As often as not, presidential campaigns are won or lost because of the unexpected, not the predictable. In the heat of a final push towards Election Day, what usually makes the difference is how each candidate responds to and takes advantage of unforeseen events. Two weeks ago, for instance, the Obama campaign had no way of predicting that John McCain could not count, at a moment's notice, the number of houses he and his wife own. But they reacted instantly. Within hours, Obama's minions pounced, broadcasting the gaffe for days in what amounted to the Democrat's single biggest negative attack of the campaign.
Party conventions, by their very nature, are supposed to be one of the few reliably scripted moments in a campaign. Democrats and Republicans alike spend years planning all four days of partisan posturing down to the smallest detail, in the hope that they can broadcast the perfect message before the chaotic fall battle ensues. But now, thanks to that most unpredictable of factors, the weather, McCain and the Republican Party face an unexpected challenge, and potential opportunity, in their quadrennial gathering. With Hurricane Gustav bearing down on the Gulf Coast, the GOP decided late Sunday to cancel most of the first day of the Republican National Convention. The storm is the worst to pass over the Gulf of Mexico since 2005, when President Bush and the federal government horribly botched the rescue and relief response to Hurricane Katrina, unmistakably tarnishing the Republican brand.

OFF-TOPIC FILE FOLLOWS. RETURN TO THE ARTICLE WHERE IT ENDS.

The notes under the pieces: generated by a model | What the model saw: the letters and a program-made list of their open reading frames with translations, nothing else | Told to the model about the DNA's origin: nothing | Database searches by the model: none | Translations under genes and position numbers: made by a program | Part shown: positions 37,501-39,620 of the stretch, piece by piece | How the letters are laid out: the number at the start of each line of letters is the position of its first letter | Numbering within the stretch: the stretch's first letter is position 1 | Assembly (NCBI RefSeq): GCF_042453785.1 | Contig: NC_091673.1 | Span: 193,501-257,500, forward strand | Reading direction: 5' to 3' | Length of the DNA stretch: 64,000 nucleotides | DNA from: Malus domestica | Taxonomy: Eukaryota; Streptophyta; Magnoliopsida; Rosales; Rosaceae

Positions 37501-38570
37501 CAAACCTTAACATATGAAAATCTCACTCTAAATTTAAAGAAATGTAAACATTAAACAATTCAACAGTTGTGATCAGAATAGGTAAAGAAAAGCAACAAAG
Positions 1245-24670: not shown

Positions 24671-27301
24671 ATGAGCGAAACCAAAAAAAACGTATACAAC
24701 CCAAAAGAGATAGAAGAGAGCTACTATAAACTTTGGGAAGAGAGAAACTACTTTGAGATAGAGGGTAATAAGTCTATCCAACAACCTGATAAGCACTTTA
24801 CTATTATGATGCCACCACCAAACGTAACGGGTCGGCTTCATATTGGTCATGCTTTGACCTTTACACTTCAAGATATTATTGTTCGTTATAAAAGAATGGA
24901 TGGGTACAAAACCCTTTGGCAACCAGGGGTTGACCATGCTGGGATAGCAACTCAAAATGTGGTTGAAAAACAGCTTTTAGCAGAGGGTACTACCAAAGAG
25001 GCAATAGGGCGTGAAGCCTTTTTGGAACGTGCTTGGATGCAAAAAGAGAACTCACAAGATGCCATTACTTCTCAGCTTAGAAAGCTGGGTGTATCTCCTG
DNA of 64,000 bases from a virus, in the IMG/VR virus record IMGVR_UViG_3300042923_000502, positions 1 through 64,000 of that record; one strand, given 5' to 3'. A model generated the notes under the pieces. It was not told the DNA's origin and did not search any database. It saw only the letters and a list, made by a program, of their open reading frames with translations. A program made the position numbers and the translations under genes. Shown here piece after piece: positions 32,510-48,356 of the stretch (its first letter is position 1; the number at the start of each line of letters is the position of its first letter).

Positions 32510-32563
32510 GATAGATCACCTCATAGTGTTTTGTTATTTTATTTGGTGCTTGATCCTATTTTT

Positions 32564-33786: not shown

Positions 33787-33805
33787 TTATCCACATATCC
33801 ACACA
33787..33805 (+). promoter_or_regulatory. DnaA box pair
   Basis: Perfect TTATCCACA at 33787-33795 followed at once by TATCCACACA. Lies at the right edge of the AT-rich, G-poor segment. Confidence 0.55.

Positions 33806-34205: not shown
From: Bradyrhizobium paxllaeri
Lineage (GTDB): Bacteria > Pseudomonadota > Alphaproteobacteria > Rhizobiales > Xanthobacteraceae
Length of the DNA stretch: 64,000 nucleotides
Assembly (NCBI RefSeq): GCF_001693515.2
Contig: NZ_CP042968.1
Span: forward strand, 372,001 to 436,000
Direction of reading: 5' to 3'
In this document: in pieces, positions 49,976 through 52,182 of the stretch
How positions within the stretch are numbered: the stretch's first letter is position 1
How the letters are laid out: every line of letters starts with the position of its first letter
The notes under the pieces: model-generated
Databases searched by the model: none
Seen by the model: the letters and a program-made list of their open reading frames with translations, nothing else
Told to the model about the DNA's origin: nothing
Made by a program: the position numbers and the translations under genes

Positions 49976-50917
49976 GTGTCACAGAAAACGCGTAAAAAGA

John McCain can't stop the storm, but his campaign is determined to make the most of it by using it to rebrand a new generation of Republicans as leaders who govern effectively and rise above partisanship. "There's very little doubt that we have to go from a party event to a call to the nation for action, action to help our fellow citizens in this time of tragedy and disaster, action in the form of volunteering, donations, reaching out our hands and our hearts and our wallets to the people who are under such great threat from this great natural disaster," McCain said midday Sunday, after receiving a briefing on preparedness with four Republican Gulf coast governors.